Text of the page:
“Can’t buy me love.” It’s a song. It’s a movie. It’s a pervasive sentiment in culture when we think and talk about the tensions that exist among the ideas of happiness, finance, and romance. And while money may not buy love, how we think and communicate about money definitely impacts our intimate relationships.
Finances can stir up almost as many emotions in humans as love or attraction do. So, how can we facilitate productive conversations around the topic of money with those closest to us? Let’s talk through some of the common communication breakdowns that are typical in conversations with intimate partners about money and examine ways to better navigate the confluence of intimacy and finance.
According to a 2021 survey by the Harris Poll on behalf of the American Institute of Certified Public Accountants (AICPA), 73% of married or cohabiting Americans say they experience relationship tension due to financial decisions.1 That’s a lot of people! So, if you have some tension in your intimate financial relationships, you just realized you’re basically like the rest of us. So, what can we do?
We all think differently about money, but getting on the same page with your partner is critical to avoiding long-term and sometimes irreconcilable problems.1 We have some ideas that might help.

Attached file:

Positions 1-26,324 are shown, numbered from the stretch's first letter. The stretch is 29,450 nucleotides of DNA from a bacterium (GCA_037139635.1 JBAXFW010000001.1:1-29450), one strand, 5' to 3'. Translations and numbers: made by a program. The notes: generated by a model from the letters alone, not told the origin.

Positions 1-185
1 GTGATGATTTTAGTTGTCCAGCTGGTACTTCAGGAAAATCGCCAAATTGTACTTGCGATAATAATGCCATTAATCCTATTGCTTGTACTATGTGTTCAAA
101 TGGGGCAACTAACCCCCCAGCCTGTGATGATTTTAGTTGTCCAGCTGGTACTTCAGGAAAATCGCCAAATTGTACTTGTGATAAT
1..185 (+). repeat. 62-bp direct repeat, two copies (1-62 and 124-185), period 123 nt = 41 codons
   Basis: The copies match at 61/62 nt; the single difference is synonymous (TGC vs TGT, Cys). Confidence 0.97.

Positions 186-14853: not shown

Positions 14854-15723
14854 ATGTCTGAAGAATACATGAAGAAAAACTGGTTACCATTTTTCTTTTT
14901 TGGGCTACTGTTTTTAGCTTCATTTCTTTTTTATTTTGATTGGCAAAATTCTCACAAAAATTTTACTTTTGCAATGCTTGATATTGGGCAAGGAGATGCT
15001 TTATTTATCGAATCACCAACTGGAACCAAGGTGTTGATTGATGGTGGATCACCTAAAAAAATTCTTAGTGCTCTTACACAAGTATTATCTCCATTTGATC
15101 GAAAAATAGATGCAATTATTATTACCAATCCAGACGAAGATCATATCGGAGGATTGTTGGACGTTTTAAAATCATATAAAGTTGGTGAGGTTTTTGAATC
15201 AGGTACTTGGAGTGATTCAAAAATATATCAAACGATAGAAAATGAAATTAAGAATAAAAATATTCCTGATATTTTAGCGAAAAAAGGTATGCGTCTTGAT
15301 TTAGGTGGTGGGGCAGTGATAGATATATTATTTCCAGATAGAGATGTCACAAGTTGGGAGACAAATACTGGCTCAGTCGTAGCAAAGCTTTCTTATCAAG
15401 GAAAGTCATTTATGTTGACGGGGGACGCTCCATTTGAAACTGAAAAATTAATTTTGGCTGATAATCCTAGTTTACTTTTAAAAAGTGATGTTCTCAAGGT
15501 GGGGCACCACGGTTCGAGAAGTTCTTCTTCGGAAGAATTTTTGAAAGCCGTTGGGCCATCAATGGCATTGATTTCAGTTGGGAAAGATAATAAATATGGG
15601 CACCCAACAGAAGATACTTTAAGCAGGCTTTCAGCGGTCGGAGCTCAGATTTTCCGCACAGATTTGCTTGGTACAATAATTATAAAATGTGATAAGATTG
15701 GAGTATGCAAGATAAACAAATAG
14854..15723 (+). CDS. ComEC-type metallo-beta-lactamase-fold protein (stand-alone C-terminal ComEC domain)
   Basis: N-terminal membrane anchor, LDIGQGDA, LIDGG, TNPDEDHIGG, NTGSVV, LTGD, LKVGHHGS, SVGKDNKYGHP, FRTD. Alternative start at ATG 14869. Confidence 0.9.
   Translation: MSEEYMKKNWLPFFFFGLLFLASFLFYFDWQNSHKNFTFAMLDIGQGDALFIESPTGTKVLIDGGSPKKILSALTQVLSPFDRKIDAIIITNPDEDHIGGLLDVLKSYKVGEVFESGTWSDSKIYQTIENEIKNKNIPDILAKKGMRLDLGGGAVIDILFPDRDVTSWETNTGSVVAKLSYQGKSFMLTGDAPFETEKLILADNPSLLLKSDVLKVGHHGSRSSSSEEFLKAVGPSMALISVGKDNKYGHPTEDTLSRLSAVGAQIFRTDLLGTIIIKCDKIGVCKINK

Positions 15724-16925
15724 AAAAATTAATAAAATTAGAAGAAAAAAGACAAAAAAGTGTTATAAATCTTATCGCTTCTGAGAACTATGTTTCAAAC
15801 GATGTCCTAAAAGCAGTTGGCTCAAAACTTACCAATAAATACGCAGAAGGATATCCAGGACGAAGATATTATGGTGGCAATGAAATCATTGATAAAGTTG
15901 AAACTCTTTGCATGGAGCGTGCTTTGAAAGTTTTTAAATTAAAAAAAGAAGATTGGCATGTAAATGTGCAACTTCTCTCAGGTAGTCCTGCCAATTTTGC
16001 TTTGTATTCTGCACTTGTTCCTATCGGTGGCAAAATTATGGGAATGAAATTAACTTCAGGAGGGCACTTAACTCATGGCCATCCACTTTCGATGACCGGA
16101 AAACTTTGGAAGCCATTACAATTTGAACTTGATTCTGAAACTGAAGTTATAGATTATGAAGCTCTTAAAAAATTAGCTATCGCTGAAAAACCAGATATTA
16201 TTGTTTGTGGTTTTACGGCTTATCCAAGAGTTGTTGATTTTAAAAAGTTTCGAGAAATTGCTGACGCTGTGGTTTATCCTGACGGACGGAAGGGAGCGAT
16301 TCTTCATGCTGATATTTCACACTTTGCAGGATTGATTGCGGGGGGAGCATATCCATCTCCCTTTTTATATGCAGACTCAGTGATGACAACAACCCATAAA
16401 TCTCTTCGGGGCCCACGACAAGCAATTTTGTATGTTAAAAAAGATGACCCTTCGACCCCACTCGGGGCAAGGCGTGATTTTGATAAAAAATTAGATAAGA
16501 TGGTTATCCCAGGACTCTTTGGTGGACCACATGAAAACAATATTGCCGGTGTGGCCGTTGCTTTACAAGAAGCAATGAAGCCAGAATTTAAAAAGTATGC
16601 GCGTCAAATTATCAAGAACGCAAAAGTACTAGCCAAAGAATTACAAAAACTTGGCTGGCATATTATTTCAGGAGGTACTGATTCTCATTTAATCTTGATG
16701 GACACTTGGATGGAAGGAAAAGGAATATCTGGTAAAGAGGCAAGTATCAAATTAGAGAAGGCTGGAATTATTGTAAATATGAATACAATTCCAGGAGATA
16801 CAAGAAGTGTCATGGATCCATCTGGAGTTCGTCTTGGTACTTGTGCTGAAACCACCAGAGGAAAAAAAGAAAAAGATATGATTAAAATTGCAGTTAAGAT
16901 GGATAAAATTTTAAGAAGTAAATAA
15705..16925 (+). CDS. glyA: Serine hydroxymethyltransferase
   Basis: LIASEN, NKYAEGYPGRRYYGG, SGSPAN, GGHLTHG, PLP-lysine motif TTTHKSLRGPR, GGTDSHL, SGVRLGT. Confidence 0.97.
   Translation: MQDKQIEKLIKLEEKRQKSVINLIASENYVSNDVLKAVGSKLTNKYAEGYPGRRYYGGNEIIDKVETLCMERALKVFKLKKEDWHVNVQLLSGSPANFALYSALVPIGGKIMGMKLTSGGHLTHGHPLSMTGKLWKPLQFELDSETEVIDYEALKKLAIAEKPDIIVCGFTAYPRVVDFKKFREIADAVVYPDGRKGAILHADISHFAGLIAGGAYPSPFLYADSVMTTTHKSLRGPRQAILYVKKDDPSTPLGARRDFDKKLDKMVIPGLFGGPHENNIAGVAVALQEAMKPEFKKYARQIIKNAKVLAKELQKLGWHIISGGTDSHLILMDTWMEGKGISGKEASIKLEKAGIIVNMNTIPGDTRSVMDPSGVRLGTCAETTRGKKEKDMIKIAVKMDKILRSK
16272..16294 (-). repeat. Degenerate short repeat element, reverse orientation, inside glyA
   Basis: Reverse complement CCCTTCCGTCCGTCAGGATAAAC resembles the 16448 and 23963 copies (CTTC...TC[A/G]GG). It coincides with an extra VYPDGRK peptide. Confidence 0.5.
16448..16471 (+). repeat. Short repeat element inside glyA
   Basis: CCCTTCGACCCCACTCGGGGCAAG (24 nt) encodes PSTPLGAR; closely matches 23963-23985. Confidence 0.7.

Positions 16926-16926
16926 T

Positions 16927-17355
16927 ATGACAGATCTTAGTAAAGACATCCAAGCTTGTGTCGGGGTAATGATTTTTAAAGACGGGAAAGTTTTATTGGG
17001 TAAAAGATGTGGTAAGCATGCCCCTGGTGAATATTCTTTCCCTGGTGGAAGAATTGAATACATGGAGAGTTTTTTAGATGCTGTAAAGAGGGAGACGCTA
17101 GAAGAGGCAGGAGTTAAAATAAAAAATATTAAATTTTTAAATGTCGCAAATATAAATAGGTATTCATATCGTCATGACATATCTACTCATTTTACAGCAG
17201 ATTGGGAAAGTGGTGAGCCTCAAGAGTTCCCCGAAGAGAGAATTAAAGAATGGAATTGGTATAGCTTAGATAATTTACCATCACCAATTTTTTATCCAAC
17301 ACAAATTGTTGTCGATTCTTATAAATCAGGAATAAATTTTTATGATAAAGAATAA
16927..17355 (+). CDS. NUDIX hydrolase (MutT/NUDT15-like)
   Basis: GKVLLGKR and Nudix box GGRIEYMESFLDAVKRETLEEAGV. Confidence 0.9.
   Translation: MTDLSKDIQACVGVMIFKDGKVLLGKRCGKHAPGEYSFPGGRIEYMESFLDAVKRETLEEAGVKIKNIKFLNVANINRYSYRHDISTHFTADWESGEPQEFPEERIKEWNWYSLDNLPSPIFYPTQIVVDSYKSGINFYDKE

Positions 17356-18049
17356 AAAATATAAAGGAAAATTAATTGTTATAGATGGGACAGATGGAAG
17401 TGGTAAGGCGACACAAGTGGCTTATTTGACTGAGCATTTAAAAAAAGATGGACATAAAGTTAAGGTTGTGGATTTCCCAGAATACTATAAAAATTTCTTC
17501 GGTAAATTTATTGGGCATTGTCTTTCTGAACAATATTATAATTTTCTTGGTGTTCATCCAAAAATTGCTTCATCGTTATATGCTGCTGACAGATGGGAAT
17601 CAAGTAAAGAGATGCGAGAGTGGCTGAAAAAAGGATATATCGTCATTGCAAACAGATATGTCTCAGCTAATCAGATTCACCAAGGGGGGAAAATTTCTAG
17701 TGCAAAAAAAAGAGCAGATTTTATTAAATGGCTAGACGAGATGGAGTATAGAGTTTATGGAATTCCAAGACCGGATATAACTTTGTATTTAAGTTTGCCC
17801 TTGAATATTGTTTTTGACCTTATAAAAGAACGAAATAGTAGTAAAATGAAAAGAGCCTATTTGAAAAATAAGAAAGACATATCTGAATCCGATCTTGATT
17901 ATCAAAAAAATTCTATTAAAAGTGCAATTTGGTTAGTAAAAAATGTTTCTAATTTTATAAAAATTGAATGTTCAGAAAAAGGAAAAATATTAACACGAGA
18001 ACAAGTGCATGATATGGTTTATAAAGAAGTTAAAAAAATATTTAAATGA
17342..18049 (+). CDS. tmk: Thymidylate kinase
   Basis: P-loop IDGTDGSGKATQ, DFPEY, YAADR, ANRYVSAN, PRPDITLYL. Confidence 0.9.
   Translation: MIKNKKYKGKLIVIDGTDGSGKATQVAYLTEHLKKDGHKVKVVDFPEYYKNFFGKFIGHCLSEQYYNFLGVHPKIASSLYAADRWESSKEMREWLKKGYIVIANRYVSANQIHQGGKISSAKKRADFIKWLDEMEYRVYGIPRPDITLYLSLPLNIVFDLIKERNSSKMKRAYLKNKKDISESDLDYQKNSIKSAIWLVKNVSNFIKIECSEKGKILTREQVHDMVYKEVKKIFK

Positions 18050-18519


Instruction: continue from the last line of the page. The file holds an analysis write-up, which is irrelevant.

Five Points of Financial Friction
Getting more in sync with your significant other when it comes to money is possible if you know where your friction points are. Here are five financial issues that have the potential to derail even the best match.2
1. Differences in Financial Goals
If one of you wants to squirrel away all your coffee money to save up for a vacation home but the other wants to focus on saving for global travel abroad, you will need to talk about where you can find compromise and how you can arrange your timeline so that both people are working toward a shared vision.
A financial advisor can work with you both to establish short and long term goals and help build a strategy that puts you on a path to achieve them.
2. Little Talk About Big Money Decisions
When one partner has all the financial information and makes all the major financial decisions largely on their own, this can sometimes be a recipe for friction. Even if it’s being done in a well-meaning effort to try not to burden the other, it can end up having negative and unanticipated consequences.
Getting aligned on what your guardrails or thresholds are in your relationship that you want to automatically trigger a discussion between you and your partner before the decision is made or money is spent can do a lot to mitigate difficulty.
We try to encourage our married or partnered clients to include both members of the relationship in all meetings we have with them so that these conversations are transparent, and productive. It also helps each partner to be heard and ensures that both are on the same page regarding goals and strategy. Communication in a moderated setting can go a long way.
3. Financial “Infidelity”
This is an issue that can cause a lot of trouble in a relationship. But what is it? Basically, financial infidelity happens in a couple with shared finances when one partner conceals, lies, or otherwise misleads the other about money.3 It could be lying about the number of credit cards you or your partner have, or the balances you’re carrying. Or maybe it’s concealing a significant purchase, or hiding other debts.